Kashmir Times News Report
Demonetisation shock therapy: State sponsored financial repression
By C R Sridhar
"You never want a serious crisis to go to waste. And what I mean by that is an opportunity to do things you think you could not do before." —Rahm Emanuel,Former White House Chief of Staff in the Obama administration. Naomi Klein in her bestselling book 'The Shock Doctrine: The Rise of Disaster Capitalism' wryly observed "Extreme violence has a way of preventing us from seeing the interests it serves." Perhaps the small coterie of advisors close to Prime Minister Modi, driven by the ideology of disaster capitalism, took Klein's observation seriously. On November 8 the shock to the financial system was administered by Mr. Modi by demonetising 500 and 1000 rupee notes. India is an overwhelmingly paper currency country: some 90% of the transactions are done with cash. India's cash-to-GDP r...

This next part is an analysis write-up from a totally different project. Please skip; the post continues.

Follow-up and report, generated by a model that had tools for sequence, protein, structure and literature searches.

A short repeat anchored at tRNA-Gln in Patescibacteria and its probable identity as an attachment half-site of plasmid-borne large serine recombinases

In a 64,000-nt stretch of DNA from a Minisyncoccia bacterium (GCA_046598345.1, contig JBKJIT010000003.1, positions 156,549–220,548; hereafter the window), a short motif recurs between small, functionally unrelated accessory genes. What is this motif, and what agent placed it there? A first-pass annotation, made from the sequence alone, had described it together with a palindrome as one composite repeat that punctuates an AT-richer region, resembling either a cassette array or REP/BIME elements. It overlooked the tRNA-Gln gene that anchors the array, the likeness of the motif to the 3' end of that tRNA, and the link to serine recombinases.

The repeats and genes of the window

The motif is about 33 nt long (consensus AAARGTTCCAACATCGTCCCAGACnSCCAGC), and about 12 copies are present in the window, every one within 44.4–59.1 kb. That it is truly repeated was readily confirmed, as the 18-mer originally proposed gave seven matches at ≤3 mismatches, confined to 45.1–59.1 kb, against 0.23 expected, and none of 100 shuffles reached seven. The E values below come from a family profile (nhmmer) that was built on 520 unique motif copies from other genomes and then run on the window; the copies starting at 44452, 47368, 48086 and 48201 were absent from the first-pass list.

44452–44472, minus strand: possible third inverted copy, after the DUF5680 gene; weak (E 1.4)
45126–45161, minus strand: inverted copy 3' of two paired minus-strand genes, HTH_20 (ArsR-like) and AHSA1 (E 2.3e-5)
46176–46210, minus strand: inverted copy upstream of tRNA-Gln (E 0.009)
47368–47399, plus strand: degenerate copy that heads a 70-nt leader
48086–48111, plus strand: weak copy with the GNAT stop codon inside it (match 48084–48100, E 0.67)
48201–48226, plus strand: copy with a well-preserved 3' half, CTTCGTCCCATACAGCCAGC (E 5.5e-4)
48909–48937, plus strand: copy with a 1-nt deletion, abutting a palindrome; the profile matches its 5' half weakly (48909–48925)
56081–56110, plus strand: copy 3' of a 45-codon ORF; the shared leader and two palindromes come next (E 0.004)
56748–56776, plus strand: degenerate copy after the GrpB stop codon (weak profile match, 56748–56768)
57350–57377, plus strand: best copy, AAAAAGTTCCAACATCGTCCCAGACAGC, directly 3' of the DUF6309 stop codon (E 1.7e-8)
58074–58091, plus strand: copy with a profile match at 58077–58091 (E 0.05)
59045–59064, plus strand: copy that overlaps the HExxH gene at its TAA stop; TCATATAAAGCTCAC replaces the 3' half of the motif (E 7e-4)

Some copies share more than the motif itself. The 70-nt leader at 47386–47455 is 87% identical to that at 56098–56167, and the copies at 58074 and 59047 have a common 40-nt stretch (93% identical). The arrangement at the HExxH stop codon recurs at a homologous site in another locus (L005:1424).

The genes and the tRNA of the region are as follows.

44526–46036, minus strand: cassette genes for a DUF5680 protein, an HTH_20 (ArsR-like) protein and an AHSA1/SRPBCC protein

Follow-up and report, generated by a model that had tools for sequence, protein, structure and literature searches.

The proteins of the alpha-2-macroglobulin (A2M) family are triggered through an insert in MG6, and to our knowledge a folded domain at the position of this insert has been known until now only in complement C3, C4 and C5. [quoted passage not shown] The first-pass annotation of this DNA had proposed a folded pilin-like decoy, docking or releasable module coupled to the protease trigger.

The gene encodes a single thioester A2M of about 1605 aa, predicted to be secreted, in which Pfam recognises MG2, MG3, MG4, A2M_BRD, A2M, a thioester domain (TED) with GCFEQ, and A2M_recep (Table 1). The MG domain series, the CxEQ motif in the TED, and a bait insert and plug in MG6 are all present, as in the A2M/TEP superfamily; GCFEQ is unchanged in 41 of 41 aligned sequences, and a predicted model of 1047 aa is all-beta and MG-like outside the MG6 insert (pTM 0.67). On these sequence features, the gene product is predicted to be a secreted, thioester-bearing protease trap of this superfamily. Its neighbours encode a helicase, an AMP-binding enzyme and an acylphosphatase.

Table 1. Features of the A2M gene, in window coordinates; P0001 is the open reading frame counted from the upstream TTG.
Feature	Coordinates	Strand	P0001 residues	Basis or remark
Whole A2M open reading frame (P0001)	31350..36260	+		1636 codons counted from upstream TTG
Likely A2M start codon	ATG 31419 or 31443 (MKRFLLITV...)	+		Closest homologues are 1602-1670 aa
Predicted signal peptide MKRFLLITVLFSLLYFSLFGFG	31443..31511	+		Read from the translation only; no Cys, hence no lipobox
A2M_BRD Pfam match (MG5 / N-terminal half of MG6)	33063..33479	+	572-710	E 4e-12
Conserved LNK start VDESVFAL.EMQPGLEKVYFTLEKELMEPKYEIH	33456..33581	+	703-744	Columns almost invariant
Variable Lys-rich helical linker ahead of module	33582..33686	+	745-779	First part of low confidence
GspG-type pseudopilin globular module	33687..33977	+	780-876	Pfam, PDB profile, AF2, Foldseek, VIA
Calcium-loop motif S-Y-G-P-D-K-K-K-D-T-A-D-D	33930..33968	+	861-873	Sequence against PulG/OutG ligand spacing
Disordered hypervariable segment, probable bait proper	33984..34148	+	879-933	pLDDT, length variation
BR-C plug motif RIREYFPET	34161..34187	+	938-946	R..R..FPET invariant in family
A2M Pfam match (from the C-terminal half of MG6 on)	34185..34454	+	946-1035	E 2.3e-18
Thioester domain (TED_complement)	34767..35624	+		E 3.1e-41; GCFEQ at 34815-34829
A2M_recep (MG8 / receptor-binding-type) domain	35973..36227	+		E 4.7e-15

Kashmir Times News Report
How long will the country remain under Modi's spell?
By Manish Dubey
The prime minister's appeal to ignore temporary hardship in lieu of a better post-demonetisation tomorrow has resonated with the public, but it remains to be seen how long this support will last. Our neighbourhood barber reported a huge drop in footfall. The vegetable vendor doesn't say much, but he must be hurting too. Several people have - hopefully temporarily - switched to large stores that accept card payments. Debi (name changed), our otherwise reliable nanny, returned from her Odisha village later than expected. She needed the extra time to withdraw money to leave behind with her elderly, widowed mother. It was on her fifth trip to the bank (12 km away) - including two trips made on foot because she wanted to save on travel fare - that she was able to withdraw money. But for our i...